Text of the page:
How to Avoid Being Busy but Barren -- Part 1
"Beware the barrenness of a busy life." (Socrates)
There have been seasons of my life when I fell for a lie. It was a simple lie, one that is propagated by our society, by our culture, by my religion sometimes. It seems like common sense, but it is, in fact, a dangerous and destructive lie.
It goes like this: my happiness is dependent upon how busy I am. Being busy means I'm important. Being busy means I'm using my time wisely. Busyness is worn like a badge of honor in our world. Any threat to that busyness is a threat to my hope for happiness.
There is one problem: being busy doesn't make me happy. It creates an illusion that I'm moving towards a day when I will feel happy -- somewhere down the line -- when I can finally slow down and be happy.
Busy today; happy tomorrow.
But tomorrow never comes.
Just more busyness.
When I do coaching for leaders, one of the things I sometimes tell them is that they would be better leaders, they'd have better relationships, and they'd last longer in their field if they would simply slow down. But boy, oh boy, do people get defensive about their busyness. We have stuff to do, places to go, items to cross off our to-do lists, debt to eliminate, skills to master, promotions to earn, people to manage, dreams to chase. Go. Go. Go. Go. Go.
Think about the foolish idea of multi-tasking. Studies show that no one is good at it. And yet we persist, don't we? Even when it means never being present in an activity we enjoy. We feel guilty for having unplanned blocks of time. We scour the internet looking for productivity hacks and apps. We check our email after-hours, on weekends, even on vacation.
Part of this has to do with our idea of the American Dream -- the notion that our potential for happiness is inextricably linked to our freedom to pursue health, wealth, and prosperity. I read something recently that said 80% of our nation believes they will one day become rich (the reality is only about 10% will). It makes sense, then, for folks to live like they're in a race -- constantly competing to beat the odds. We believe that if we work harder and longer than anyone else, squeeze more into our day than the guy in the cubicle next to ours, if we get up a little bit earlier and stay up a little bit later, then we'll be able to grab the brass ring and finally escape the busyness.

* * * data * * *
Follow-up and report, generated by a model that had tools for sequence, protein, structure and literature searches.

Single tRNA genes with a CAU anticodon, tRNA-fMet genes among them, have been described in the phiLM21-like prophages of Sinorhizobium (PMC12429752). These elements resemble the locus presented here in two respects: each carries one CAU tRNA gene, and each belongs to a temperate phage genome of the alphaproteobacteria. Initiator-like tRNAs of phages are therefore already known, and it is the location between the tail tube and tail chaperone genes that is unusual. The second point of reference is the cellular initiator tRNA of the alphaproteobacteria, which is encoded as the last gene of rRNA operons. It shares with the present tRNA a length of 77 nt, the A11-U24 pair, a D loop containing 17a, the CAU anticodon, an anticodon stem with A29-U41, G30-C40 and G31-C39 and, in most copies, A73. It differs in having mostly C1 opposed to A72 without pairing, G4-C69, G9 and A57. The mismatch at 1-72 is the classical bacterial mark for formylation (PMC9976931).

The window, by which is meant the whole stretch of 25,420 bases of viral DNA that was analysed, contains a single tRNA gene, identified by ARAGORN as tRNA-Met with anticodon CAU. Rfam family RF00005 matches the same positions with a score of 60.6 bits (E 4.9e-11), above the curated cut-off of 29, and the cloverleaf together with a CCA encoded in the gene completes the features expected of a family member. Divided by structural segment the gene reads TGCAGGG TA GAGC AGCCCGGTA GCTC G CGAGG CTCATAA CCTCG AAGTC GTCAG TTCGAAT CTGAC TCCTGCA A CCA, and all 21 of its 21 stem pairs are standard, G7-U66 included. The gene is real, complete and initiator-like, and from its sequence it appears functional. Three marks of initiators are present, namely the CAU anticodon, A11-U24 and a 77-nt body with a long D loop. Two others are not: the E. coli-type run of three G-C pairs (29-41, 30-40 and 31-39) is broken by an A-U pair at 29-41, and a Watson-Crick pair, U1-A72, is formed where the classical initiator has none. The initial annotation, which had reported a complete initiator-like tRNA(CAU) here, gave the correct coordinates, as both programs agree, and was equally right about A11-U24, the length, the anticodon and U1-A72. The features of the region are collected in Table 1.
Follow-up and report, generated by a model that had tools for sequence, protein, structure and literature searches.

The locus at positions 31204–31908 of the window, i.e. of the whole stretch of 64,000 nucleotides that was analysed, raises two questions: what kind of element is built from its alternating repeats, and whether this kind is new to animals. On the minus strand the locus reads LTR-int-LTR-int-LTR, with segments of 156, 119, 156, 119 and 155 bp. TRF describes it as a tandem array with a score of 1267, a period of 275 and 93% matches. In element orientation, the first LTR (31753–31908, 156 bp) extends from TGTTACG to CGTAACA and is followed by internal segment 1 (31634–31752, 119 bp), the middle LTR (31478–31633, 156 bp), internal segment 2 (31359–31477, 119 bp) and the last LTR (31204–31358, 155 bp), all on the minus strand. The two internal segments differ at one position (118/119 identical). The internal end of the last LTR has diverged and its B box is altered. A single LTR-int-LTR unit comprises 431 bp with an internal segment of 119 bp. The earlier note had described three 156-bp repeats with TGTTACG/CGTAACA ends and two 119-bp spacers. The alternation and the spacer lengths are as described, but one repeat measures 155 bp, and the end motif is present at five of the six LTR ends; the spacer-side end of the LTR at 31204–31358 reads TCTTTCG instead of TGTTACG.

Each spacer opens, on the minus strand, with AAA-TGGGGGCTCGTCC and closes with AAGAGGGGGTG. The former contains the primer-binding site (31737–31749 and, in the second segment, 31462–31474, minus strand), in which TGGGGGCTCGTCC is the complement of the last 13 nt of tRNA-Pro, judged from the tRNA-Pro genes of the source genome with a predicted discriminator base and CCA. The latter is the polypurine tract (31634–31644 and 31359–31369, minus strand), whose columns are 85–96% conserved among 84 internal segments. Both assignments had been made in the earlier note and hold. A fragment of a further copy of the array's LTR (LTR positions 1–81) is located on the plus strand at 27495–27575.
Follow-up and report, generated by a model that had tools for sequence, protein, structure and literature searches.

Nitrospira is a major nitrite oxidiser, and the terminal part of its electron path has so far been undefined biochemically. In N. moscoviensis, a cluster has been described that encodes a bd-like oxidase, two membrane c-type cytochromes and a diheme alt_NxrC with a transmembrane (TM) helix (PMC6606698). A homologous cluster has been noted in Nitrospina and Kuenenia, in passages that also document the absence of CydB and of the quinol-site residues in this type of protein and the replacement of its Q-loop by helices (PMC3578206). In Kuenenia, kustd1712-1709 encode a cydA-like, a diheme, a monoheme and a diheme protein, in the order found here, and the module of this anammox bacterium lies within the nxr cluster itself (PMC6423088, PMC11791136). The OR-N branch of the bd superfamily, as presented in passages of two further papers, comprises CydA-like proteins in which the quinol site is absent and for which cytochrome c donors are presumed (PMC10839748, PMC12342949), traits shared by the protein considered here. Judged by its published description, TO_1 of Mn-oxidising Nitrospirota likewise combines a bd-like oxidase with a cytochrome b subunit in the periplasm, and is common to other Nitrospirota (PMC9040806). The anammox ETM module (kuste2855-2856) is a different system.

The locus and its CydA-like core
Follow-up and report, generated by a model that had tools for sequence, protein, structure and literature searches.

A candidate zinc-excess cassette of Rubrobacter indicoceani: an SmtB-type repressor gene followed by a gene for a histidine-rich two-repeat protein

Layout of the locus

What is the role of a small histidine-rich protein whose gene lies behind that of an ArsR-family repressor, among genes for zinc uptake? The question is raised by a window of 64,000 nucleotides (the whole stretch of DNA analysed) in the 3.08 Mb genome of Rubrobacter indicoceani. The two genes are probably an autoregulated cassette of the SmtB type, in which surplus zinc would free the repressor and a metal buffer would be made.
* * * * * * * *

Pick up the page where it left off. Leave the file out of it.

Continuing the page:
Life lived like that turns most of your days into something you must endure rather than something you could actually enjoy. Work is seen as a means to an end, rather than something that could be an end in and of itself. We think busyness leads to money, which will lead to happiness. Someday.
I'm not saying there's no place for work. I want work that stretches me, work that fulfills me, work that infuses my life with meaning. But money won't ever lead me to happiness if I'm not happy already. And I won't be happy if I'm so busy I can't pay attention to what's going on right now in this moment.
We think we'll be happier if we never had to work or if we didn't have bills or if we had a bigger house. So, we spin our wheels trying to create a world that will allow us to kick back and breathe. Odds are, if we ever succeeded in creating such a place, we wouldn't know how to enjoy it. We're training ourself for barrenness through busyness.
It's time to take a long, hard look at what the American Dream means to you. I'm pretty sure there are parts of it you'll have to work for. But I'm also pretty sure there are parts of it that you already have if you'd slow down enough to look at your life.
Photo Credit: Damir Kotoric